Bronchitis in Cusco

Trip Start Apr 08, 2012
Trip End Sep 25, 2012

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Flag of Peru  ,
Thursday, June 28, 2012

Copacabana is right on the shores of Lake Titicaca, the largest highest lake in the world at about 3840 m (12 600 ft).
The water is incredibly clear. Probably because of lack of pollution; there are very few towns on the lake and all are quite small.
The largest island on the lake is Isla del Sol where there are two main villages and a nice hike from one end to the other.

Unfortunately I didn't get to enjoy any of this as my cough from La Paz had turned into much more.
I was quite determined not to let this ruin the Lake for me so I booked my boat ticket to Isla del Sol, hoping I would be feeling okay enough to make the hike.

But I was not. I barely made it to the island, coughing my lungs up and all the other gross noises that come with being sick.
My travel partner continued on with the trail after some arguing and after a few photos I laid down in the sun and fell asleep to wait for the ferry back to Copacabana.
That night I got just a few hours of sleep and felt just as awful the next morning.
I was really hoping that going down in altitude would help at least a little but we wouldn't be getting to Cusco, Peru until early the next morning.
At this point, though, I was drinking about 6 litres of water a day and drinking Coca tea as often as possible so I was sure what was wrong with me had nothing to do with the altitude.
We left Copacabana that afternoon and entered Peru before stopping at Puno to have a tour of the floating islands found on that part of the Lake. 
The Uros people that live here never need to leave their islands. They have food and water aplenty and the community is large enough that there is even a school on the main island. 
It was very touristy though, almost disturbingly so.

After this tour, which I barely remember, we continued onto Cusco and arrived at 4.30 in the morning.
I slept for about four hours and when I went into reception I saw a massive sign saying "ask here if you need medical attention."
Well, yes I do.
When we entered Peru and filled out the usual entry card there is a space for you to state your purpose in visiting and one of the options is for "health."
I remember thinking, who would specifically choose Peru for medical care?
But now I know why. Maybe the public hospitals are different but the private clinic I was sent to gave me the best medical care I have ever received, in the US or in SA.

I was fully prepared to get a taxi and go to the clinic the hostel would recommend but instead she called them and 15 minutes later the doctor came to me.
He spoke fluent English and after a short exam told me I sounded like I had pneumonia so I must go to the clinic with him for an X-ray.
So we got in his ambulance and when we arrived there I was ushered into the room by three nurses, all of whom spoke at least a little English. 
I was given an IV almost immediately and there was even a heater in my room.
They took various tests including an X-ray and came to the conclusion that I had bronchitis, and in a few more days it would become pneumonia so I needed antibiotics right now.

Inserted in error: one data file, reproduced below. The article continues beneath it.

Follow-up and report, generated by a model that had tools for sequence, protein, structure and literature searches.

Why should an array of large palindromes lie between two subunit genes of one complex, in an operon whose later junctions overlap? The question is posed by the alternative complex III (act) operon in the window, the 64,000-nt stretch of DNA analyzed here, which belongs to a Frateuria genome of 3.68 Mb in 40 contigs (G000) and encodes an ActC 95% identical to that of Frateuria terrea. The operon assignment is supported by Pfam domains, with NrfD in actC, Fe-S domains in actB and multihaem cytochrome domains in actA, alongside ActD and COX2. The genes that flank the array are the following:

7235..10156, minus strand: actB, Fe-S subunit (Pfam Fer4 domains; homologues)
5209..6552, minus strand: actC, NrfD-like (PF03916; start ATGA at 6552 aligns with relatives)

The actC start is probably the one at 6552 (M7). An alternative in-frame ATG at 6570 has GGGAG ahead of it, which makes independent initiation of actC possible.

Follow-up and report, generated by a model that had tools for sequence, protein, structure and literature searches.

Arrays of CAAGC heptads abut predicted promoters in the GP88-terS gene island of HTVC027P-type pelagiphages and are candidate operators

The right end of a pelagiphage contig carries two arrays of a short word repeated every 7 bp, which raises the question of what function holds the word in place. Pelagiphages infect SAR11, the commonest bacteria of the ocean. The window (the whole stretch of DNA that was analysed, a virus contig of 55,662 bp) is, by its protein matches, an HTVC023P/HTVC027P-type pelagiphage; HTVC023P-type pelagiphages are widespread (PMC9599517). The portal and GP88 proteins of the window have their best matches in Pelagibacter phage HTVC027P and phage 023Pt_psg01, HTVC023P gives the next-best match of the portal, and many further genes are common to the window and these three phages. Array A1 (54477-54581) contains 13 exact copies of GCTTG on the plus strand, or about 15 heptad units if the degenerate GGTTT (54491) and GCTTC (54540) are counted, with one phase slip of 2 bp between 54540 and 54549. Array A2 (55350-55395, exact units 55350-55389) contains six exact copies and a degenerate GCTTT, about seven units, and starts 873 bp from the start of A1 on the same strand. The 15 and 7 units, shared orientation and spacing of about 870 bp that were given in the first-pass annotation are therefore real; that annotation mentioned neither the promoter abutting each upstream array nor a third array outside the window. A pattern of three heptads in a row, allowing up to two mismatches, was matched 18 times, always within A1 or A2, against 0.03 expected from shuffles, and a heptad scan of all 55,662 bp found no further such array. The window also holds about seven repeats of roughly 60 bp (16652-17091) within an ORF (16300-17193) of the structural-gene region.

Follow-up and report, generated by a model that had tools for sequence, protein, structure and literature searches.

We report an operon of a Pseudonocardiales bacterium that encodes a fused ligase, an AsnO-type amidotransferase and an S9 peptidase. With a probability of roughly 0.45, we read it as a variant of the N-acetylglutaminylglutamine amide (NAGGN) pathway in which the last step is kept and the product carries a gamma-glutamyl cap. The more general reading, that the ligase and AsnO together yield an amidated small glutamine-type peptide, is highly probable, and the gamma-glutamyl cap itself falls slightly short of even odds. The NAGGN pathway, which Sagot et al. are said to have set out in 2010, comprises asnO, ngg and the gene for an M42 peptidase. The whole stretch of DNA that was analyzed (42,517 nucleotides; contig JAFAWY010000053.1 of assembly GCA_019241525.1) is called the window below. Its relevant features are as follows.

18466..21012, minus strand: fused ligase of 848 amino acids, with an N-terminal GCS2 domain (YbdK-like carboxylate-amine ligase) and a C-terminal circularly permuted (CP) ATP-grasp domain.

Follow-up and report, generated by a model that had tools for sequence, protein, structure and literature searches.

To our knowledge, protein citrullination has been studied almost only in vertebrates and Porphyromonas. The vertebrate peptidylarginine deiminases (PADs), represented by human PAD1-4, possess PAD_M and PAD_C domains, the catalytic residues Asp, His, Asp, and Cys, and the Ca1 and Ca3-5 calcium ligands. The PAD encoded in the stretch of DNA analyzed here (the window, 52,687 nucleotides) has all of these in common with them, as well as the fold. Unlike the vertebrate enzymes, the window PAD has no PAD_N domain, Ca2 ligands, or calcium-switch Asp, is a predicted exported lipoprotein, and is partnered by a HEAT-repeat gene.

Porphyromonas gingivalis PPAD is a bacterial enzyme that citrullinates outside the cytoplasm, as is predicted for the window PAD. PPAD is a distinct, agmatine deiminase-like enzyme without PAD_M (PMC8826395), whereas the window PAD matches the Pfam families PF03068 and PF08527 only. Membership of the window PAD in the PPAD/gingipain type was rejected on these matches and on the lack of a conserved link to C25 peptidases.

Unfortunately I had a total of four infections so the doctor wanted me to spend the night at the clinic. But the next morning I was feeling unbelievably better, those antibiotics had worked a miracle on me.

The one thing I'm super thankful for is the fact that I only felt bad enough once I had entered Peru. I have heard some pretty bad stories of the hospitals in Bolivia and they are easily believed once you have spent any time in the country.
So if you get sick in South America, try to have it happen in Peru.
Also, have travel insurance because I ended up paying no more than the $2 taxi ride back to the hostel.

Now, about Cusco. Once I was feeling better and could actually breathe again, I was able to explore the town a bit.
In every town that I've spent more than a couple of hours in, I get a feeling, a first impression. 
Some are places that I just wanted to leave, places that make you wonder why anyone lives there. For example, Punta Arenas (which wasn't that bad, but not a whole lot to recommend it), or most rural places in Bolivia.
But others really just make you happy to be there. And Cusco is one of those places.
It's one of the oldest towns on the continent, founded in 1100, and the layout of the city really shows it.
The roads and sidewalks are all cobblestones/bricks and most of the buildings have inner courtyards giving it a definite medieval feel.
The hostel I'm staying in is made of rocks polished by so many years of wear with steps that look like they came from a castle and two courtyards with a gallery running the length above.
Maybe it's because I like really old things but I love the feel of this city.
And of course, it's about as touristy as a town can get with about 2 million visitors a year. 
People spend sometimes a couple of weeks just in Cusco because there is so much to do around here. Machu Picchu is the obvious attraction but there's also the Sacred Valley, mountain biking, white water rafting, and there are tour agencies on every corner that can organise trips into Manu National Park and Tambopata.
So Cusco is the base of almost everything in southern Peru.

Maybe it's because I've come from Bolivia, and also probably because I'm in a really touristy town, but so far I've found that Peru is not very cheap.
But I don't intend to spend much time outside of the touristy places so I don't know if I'll ever know how cheap Peru can get.

Tomorrow I go to Machu Picchu for 2 days, but until then, photos from my Amazon tour near Puerto Maldonado.

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